Overlooked but nice utility from Checkpoint – cpview

Checkpoint has made available starting with R77 this helpful information utility called cpview of which not many are aware. This is basically a Bash script that runs a bunch of native Checkpoint commands in the background and displays the output on the terminal while updating the data every other second.
– Running the command (you have to be in the Expert mode):
#cpview
– File location:
# which cpview
alias cpview='/bin/cpview_start.sh'

/bin/cpview_start.sh
– Some of the commands the utility runs:
fw ctl pstat
fw ctl multik stat
fw ctl affinity -l -r

Example output:cpview

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Checkpoint Mobile Access support for SHA-256 SSL certificates

The new era of sha-256 as opposed to sha-1 signed SSL certificates is slowly gaining the pace, not without a gentle push from the browser providers . And Checkpoint is catching up in its new version R77.30 for Open Servers. This means, on the other hand, earlier versions do not support SHA-256 certificates.
While on both versions – 77.20 and 77.30 cpopenssl package gives the same version info they do differ:

cpopenssl command accepting -sha-256 option

openssl in R77.30 now supports SHA-256 certificates

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SNMP in Gaia default community string

Configuring SNMP in Gaia as opposed to SPLAT has been made much simpler. So simple that it is easy to overlook that default configured read-only community is public .
So , it is a good idea to change it while enabling SNMP:
set snmp agent on
set snmp agent-version any
set snmp community public read-only

PS. Another ‘feature’ of the SNMP is that you can either enable SNMP version 1 and 2 or version 3. Trying to enable just version 2c is not possible.

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RIPE database query for a route object, or why my network is not advertised via BGP to the world

Once it was a nice-to-have configuration that most ISPs in the world ignored anyway, but today it is a must if you are planning to advertise your networks via BGP through your uplink provider – your route object in the AS whois database of the uplink provider. If not – you will happily advertise your networks, the uplink provider will duly advertise them to its uplink peers, which will check AS registry database of your provider and not finding this route object will silently drop the advertising.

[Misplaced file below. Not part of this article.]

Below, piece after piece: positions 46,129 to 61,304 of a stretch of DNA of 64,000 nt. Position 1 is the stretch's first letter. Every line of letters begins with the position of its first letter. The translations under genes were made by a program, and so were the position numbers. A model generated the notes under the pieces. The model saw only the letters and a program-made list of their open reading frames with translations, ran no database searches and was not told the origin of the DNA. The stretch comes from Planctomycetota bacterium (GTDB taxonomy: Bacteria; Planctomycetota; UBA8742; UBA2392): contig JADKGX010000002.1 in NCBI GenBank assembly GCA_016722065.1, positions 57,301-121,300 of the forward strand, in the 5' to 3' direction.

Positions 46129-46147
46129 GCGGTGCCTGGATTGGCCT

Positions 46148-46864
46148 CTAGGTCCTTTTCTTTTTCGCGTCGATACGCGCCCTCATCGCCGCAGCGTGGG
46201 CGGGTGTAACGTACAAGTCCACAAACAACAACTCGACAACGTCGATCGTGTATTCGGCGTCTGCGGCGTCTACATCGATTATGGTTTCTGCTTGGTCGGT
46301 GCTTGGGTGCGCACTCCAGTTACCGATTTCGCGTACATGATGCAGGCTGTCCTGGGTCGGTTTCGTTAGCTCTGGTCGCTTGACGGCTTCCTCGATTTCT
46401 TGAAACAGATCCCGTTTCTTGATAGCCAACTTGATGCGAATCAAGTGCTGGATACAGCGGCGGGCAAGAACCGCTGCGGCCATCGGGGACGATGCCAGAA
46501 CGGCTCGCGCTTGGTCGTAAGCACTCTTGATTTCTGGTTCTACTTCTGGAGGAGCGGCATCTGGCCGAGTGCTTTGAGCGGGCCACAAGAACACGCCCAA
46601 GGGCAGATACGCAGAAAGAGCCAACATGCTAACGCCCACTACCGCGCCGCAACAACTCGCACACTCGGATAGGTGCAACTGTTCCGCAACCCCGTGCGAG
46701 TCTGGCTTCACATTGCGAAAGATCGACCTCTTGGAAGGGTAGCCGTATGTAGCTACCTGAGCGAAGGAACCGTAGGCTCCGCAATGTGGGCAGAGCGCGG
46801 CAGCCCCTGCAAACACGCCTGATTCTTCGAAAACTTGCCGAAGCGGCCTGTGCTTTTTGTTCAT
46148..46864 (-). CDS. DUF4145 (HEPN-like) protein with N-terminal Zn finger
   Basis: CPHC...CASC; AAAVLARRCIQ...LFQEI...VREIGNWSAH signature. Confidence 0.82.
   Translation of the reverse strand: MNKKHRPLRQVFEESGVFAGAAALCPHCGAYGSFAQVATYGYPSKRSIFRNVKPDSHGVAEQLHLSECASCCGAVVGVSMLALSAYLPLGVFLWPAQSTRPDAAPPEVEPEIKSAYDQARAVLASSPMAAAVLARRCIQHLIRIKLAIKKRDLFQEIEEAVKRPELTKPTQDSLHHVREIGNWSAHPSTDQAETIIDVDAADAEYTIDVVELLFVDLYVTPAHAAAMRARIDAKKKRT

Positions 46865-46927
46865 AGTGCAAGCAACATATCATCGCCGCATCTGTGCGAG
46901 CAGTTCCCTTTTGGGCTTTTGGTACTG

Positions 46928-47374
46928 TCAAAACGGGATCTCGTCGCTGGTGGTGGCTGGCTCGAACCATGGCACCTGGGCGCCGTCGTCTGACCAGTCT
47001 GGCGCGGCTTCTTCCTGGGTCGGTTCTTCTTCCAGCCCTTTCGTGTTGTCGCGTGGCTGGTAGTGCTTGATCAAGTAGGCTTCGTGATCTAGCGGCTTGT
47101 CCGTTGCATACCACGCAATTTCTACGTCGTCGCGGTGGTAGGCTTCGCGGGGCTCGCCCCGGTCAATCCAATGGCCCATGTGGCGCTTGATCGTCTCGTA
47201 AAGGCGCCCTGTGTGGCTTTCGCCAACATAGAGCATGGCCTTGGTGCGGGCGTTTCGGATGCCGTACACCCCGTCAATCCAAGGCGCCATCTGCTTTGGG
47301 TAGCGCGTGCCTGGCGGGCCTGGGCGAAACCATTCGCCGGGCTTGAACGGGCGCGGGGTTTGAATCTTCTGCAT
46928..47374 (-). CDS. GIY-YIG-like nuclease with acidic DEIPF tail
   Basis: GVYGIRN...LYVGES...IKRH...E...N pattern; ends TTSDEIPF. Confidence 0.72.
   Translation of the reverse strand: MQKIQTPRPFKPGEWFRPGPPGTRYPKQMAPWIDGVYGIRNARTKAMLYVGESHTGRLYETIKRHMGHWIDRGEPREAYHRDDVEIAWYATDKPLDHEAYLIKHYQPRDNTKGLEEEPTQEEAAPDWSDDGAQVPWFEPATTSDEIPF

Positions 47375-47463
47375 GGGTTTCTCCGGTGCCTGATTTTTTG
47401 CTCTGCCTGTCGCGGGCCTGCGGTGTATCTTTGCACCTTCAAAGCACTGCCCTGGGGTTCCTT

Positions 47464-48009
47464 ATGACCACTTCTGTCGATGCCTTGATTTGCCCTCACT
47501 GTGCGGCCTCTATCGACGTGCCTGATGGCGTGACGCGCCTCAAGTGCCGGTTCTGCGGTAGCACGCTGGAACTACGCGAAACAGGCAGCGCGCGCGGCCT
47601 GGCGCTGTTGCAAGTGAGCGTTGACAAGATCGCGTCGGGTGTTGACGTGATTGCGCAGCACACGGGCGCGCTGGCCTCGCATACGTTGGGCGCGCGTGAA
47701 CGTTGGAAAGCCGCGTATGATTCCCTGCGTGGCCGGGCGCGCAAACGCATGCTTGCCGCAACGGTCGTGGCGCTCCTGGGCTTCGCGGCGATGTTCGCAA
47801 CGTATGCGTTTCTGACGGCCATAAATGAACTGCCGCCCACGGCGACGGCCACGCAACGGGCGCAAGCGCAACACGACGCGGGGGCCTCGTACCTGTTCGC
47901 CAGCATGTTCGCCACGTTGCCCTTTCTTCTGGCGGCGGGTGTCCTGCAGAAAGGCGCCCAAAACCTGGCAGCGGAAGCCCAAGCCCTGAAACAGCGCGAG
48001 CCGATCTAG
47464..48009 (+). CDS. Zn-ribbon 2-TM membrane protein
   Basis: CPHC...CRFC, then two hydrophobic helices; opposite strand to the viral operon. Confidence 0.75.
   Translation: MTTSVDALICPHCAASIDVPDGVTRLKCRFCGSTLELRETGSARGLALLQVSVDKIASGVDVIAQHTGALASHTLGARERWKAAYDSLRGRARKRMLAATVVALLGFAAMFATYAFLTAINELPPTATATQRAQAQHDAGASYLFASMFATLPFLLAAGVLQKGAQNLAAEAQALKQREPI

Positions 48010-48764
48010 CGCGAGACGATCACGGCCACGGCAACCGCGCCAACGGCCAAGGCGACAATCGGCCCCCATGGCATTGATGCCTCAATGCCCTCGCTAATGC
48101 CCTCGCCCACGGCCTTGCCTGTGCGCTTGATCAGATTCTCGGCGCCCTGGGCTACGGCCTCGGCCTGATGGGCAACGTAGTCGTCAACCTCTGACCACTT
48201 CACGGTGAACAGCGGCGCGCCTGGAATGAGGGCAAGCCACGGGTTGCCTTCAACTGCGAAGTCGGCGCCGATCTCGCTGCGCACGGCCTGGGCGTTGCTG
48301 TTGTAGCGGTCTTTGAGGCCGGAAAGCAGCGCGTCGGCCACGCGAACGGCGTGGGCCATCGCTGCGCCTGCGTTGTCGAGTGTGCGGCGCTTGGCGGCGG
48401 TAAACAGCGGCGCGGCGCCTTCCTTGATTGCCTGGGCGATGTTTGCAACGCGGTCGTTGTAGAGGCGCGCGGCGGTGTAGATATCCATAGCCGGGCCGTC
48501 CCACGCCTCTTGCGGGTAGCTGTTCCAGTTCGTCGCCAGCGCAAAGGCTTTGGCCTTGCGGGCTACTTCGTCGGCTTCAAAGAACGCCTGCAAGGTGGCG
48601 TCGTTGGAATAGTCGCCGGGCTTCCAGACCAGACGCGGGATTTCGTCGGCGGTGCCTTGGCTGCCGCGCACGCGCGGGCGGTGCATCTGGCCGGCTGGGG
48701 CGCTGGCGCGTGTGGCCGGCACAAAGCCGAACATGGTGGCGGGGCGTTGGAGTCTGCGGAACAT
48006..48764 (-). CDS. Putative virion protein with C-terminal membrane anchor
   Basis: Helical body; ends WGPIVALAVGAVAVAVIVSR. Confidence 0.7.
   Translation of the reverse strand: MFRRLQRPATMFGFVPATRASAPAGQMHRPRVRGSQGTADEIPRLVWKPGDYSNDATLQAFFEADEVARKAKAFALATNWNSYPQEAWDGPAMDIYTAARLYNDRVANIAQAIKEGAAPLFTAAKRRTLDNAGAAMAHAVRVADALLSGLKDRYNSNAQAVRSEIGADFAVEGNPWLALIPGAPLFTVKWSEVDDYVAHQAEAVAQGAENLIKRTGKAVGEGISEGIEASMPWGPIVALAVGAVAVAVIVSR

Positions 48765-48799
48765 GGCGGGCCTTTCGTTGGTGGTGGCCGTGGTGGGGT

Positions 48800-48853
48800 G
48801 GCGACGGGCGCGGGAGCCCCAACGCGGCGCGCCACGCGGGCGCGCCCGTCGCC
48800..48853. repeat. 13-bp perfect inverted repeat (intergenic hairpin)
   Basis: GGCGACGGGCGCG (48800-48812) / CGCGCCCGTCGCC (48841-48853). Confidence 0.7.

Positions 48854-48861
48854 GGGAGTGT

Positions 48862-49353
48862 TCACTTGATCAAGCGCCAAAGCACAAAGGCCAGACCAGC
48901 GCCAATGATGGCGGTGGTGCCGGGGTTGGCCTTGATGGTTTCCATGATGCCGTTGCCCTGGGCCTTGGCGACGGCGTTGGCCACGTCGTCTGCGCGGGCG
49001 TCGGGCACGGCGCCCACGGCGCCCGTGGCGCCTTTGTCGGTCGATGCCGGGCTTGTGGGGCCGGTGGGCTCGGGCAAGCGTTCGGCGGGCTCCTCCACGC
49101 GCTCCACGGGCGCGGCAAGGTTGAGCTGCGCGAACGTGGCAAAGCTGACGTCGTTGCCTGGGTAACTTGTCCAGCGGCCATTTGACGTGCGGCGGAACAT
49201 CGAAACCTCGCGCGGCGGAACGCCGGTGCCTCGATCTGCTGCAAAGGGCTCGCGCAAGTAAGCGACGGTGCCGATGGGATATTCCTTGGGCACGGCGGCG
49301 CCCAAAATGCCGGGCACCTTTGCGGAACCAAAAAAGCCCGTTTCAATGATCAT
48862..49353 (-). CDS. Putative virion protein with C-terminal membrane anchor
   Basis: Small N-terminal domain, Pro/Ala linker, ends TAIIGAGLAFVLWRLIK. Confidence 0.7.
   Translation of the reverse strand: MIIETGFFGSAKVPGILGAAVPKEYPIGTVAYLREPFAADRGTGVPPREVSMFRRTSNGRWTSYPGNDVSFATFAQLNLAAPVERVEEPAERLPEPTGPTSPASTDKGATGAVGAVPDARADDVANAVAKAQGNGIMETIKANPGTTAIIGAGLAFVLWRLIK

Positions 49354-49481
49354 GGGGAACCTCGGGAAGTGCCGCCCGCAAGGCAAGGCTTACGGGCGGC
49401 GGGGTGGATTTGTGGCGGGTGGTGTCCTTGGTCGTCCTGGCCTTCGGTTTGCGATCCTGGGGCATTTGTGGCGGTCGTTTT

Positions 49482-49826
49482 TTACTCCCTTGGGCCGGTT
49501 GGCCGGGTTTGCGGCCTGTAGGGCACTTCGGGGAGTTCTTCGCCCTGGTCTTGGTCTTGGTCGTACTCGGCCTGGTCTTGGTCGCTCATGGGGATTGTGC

Of course it is duty of your transit ISP provider to update their records with your network, but after all, you are the one most interested – so as they say in Russian ” Доверяй но проверяй ” , and here is how to do it:
whois -h whois.ripe.net — ‘-a -r -i or -T route AS1680′ | grep route
In this example I assume your uplink provider is Netvision with AS1680 , replace AS number with the correct one.
Output will look like:
route: 109.186.0.0/16
route: 109.253.0.0/16
route: 117.121.245.0/24
route: 138.134.0.0/16
route: 147.161.0.0/16

If you don’t find in such listing your network – Houston, you have a problem here.

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Cisco CUCM CDR report – call duration and called numbers extraction script

Yesterday I had to extract some data from a CDR report for a client, namely call start time, its duartion and the called number. And while I am sure Google has zillion scripts to be found, it was much faster to hack this one-liner .
The script extracts the following fields from the CDR report in this order:
dateTimeOrigination – for outgoing calls it is the time the device goes off hook
callingPartyNumber – initiator of the call
finalCalledPartyNumber – the reached/dialed number (after forwarding if any)
duration – duration of the call
The extracted data is placed in CSV format to be easily imported into Microsoft Excel.
Enjoy. Any questions – feel free to ask here.

 awk -F, 'BEGIN {OFS=","} {print strftime("%c",$5),$9,$31,$56}'  report_cdr 

Output:
Sun 04 May 2014 01:54:37 PM IDT,0555555555,2988,41
Sun 04 May 2014 01:55:07 PM IDT,2908,0555555555,25

In case you want to extract some other fields from CDR , here is the full list of available values and their position. For explanation you can look here – Cisco Call Detail Records Field Descriptions

1 cdrRecordType
2 globalCallID_callManagerId
3 globalCallID_callId
4 origLegCallIdentifier
5 dateTimeOrigination
6 origNodeId
7 origSpan
8 origIpAddr
9 callingPartyNumber
10 callingPartyUnicodeLoginUserID
11 origCause_location
12 origCause_value
13 origPrecedenceLevel
14 origMediaTransportAddress_IP
15 origMediaTransportAddress_Port
16 origMediaCap_payloadCapability
17 origMediaCap_maxFramesPerPacket
18 origMediaCap_g723BitRate
19 origVideoCap_Codec
20 origVideoCap_Bandwidth
21 origVideoCap_Resolution
22 origVideoTransportAddress_IP
23 origVideoTransportAddress_Port
24 origRSVPAudioStat
25 origRSVPVideoStat
26 destLegIdentifier
27 destNodeId
28 destSpan
29 destIpAddr
30 originalCalledPartyNumber